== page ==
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Big Data Analytics: Driving Value Beyond the Hype

Friday, October 26, 2012

We are currently experiencing an explosion of "big data." Big data is "a collection of digital data sets so large and complex that it is beyond the capabilities of current database management tools," said Robert C. Johns, associate administrator and director of Volpe, The National Transportation Systems Center

Prominent thought leaders and experts from the federal government, academia, and the private sector recently came together at Volpe, The National Transportation Systems Center, to discuss challenges and opportunities related to big data.

The challenges for federal agencies, industry, and other organizations are to figure out how to manage and analyze big data to create value, increase accurate predictions, and provide approaches that drive sound decision making. As the Obama Administration announced in March 2012, the Big Data Research and Development Initiative—moving data to knowledge to action—has great potential to impact key national priorities, including transportation and defense.

With great challenges come new insights and opportunities—new technologies and processes are being considered, industry trends and best practices are being reviewed, and deep data mining is being discussed. A workforce with deep analytical experience will be needed and managers will need to be data literate. Those that learn how to unite domain expertise with data science will move to the forefront of their fields.

Over 35 participants joined the meeting on "Big Data Analytics: Driving Value Beyond the Hype," which was co-hosted by Volpe and the Hanscom Air Force (AF) Base Life Cycle Management Center (LCMC). Johns and AFLCMC Chief Architect and Chief Technology Officer Dr. Tim Rudolph were joined by Dr. Mark Linderman from Air Force Research Laboratory in Rome, NY; Anne Aylward, deputy associate administrator for Research and Innovation at Volpe; and other AF and Volpe officials. The Innovation Institute at the Massachusetts Tech Collaborative was also represented.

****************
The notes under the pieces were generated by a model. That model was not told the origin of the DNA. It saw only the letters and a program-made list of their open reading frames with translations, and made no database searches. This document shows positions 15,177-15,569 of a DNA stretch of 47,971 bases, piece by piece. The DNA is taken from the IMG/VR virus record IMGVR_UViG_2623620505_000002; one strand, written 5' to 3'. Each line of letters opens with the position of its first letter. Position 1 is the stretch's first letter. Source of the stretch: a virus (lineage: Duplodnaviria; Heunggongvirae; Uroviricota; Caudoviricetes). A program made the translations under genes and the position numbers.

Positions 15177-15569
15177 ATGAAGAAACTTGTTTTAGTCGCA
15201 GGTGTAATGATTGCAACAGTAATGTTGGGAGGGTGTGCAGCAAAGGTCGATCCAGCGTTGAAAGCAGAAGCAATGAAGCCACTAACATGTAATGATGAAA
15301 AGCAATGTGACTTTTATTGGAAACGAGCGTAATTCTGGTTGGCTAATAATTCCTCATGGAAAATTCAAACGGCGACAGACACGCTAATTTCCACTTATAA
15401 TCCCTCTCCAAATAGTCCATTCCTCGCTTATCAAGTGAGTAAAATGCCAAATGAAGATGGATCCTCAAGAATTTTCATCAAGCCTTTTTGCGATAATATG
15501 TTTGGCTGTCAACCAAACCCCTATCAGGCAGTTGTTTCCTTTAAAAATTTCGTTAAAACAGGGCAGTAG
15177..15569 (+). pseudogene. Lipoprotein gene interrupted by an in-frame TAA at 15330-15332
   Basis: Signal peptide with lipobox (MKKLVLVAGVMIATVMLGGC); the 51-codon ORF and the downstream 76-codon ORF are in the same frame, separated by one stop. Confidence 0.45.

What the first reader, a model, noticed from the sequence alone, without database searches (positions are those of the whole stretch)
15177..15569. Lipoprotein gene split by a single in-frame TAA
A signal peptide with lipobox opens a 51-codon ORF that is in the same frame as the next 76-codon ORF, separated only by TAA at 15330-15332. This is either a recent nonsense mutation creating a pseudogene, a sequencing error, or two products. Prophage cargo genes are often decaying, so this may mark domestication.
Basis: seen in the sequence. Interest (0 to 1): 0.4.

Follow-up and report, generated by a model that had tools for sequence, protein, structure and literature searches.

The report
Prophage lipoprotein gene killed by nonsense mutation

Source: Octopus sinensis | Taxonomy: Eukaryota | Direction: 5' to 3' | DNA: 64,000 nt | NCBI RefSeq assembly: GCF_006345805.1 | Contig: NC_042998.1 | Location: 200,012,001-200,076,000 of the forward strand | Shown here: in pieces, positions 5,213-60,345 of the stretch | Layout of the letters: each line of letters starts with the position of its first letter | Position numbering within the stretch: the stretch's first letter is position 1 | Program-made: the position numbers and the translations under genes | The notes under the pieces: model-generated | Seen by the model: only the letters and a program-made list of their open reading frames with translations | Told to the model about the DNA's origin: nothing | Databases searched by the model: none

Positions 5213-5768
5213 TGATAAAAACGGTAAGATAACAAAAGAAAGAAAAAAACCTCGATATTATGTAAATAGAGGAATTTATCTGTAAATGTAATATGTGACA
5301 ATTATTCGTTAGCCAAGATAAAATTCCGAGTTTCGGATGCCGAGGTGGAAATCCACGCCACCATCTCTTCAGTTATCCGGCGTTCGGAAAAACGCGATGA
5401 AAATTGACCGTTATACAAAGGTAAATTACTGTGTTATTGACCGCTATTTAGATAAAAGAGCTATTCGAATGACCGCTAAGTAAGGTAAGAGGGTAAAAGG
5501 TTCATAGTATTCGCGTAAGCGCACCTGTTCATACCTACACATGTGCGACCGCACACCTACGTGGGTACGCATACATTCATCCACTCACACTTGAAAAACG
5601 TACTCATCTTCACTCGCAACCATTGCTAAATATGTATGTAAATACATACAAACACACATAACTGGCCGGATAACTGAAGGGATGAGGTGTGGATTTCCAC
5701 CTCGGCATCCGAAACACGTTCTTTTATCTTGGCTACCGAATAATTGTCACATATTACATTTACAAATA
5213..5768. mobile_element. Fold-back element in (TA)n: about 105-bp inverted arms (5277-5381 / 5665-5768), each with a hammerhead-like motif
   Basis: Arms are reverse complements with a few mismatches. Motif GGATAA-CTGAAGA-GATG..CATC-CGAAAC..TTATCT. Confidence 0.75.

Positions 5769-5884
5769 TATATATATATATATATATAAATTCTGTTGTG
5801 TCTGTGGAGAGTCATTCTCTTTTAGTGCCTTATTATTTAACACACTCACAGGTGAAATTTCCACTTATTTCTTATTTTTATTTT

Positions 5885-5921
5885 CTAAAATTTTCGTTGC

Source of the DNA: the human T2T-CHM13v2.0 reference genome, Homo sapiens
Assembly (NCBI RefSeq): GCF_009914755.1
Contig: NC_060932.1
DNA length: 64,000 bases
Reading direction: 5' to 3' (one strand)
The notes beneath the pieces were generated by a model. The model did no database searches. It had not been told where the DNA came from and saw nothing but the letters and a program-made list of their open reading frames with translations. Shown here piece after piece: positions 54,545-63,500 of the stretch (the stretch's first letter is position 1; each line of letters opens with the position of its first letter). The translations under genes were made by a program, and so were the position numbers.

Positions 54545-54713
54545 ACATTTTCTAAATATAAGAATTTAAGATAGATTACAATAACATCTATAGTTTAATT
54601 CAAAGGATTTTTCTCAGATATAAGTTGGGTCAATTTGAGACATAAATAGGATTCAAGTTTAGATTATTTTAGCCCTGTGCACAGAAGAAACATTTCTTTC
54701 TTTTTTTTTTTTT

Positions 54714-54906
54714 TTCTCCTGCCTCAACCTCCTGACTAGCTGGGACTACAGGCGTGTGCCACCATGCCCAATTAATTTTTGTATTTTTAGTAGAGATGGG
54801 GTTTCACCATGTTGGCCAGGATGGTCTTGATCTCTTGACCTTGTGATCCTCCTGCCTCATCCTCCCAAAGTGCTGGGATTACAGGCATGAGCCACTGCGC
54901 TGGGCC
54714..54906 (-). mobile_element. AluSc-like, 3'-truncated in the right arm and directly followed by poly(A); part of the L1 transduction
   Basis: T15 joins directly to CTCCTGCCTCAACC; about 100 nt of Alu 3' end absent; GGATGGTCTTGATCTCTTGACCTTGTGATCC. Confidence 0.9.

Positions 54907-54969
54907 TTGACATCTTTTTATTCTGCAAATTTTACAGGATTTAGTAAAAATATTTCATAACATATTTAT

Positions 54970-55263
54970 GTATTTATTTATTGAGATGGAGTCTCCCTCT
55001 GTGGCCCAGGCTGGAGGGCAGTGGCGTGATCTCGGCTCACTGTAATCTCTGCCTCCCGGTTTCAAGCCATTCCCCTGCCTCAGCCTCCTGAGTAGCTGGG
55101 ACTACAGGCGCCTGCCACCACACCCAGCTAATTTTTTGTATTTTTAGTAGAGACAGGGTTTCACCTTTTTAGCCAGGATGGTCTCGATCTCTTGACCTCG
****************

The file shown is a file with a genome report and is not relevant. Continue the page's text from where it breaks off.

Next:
Volpe and Hanscom Air Force Base co-host big data meeting at Volpe. (Volpe Photo)
The meeting featured presentations from Johns; keynote speaker Dr. Anne Quaadgras, research scientist at Massachusetts Institute of Technology, Sloan School Center for Information Systems Research; Frank Stein, director of IBM's Analytics Solutions Center; and Peter Bostrom, transformation director, Department of Defense, Engineered Systems at Oracle Public Sector. Tim Schmidt, acting chief information officer for the U.S. Department of Transportation, led moderated discussions during this meeting.

Johns offered opening remarks and cited recent reports which indicate that in most organizations, the volume of data is expanding by 35 to 50 percent every year. Today's companies process more than 60 terabytes of information annually—about 1,000 times more than a decade ago, said Johns.